Another metric I forgot to mention above is collecting data on grades in upper-level courses as a way of evaluating intro-level course teaching. While there might be all sorts of factors affecting an individual student’s performance in upper-level courses, I believe there are data out there showing that learning gains at least somewhat track with trends in grades between intro- and upper-level courses.

  7. PS – I’m ignoring the dig at how Americans aren’t good at middle ground. There are lots of people in the world who aren’t good at middle ground, including some Americans and also lots of Europeans and people of other nationalities I could name (a few specific Chileans come to mind…). 🙂

  8. I’m an American, and I’m amazed at how hard it is to get my highly-educated colleagues to not think in dichotomies. As far as I’m concerned, our anti-intellectualism broke the brains of far too many people. 🙂

  9. The purpose of teaching evaluations SHOULD be to improve teaching and that means that the audience SHOULD be the instructor. The generic teaching evaluation is useless for this. You need to build an evaluation that asks such things as “Should more/less time be used for doing problems”, etc. There should be lots of room for extended responses.

    For example a few question from my teaching evaluation each with a five point Linkert scale

    The lectures each have a clear theme
    I could ask questions during the lecture when I needed to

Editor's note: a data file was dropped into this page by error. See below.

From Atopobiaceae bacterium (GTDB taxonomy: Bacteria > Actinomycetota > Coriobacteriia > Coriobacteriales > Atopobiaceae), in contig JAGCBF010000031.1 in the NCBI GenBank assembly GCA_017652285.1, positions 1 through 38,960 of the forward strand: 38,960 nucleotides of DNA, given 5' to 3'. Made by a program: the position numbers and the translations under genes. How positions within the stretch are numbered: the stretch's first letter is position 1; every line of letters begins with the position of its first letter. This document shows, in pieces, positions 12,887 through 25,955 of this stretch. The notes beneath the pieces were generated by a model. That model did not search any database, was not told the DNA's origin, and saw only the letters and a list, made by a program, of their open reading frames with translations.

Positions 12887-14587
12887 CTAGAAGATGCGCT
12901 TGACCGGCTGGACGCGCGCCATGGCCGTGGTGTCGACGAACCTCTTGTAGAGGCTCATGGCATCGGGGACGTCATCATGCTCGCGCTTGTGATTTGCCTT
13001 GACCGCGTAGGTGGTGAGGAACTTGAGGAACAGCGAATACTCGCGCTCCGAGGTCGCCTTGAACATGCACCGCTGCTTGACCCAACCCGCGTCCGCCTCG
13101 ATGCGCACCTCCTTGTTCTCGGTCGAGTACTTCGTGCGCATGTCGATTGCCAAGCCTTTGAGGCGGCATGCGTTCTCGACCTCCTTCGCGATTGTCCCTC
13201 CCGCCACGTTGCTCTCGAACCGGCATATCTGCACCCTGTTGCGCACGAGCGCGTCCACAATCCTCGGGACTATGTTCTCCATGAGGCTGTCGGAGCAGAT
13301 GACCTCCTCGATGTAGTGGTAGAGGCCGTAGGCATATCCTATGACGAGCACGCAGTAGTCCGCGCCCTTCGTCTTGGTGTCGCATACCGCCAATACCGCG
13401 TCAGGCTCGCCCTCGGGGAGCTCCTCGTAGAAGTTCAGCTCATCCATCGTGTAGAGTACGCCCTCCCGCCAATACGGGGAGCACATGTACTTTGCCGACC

More of the lecture should be done on the blackboard and less from the Powerpoint slides
    The videos shown were useful for learning.
    There were enough examples worked out during the lecture for me to understand how to do the problems.

    Any other comments you may have about the lecture

  10. I found this paper while looking thru the ones linked by lyra42 above – http://faculty.econ.ucdavis.edu/faculty/scarrell/profqual2.pdf

    “Student evaluations are positively correlated with contemporaneous
    professor value-added and negatively correlated with follow-on student
    achievement. That is, students appear to reward higher grades in the
    introductory course but punish professors who increase deep learning
    (introductory course professor value-added in follow-on courses).”

    I don’t know how true this is generally, but if it is general it’s sort of terrifying…

  11. I read this interesting paper a while ago on a large scale study of student evaluations in STEM fields, which uses cool natural language processing methods to do the analysis: https://aclweb.org/anthology/C/C16/C16-1083.pdf

    The main finding was that “while the gender of the evaluated instructor does not seem to affect students’ expressed level of overall satisfaction with their instruction, it does strongly influence the language that they use to describe their instructors and their experience in class.”

    — while I’m commenting, I want to take this opportunity to say thank you xyk for this awesome blog!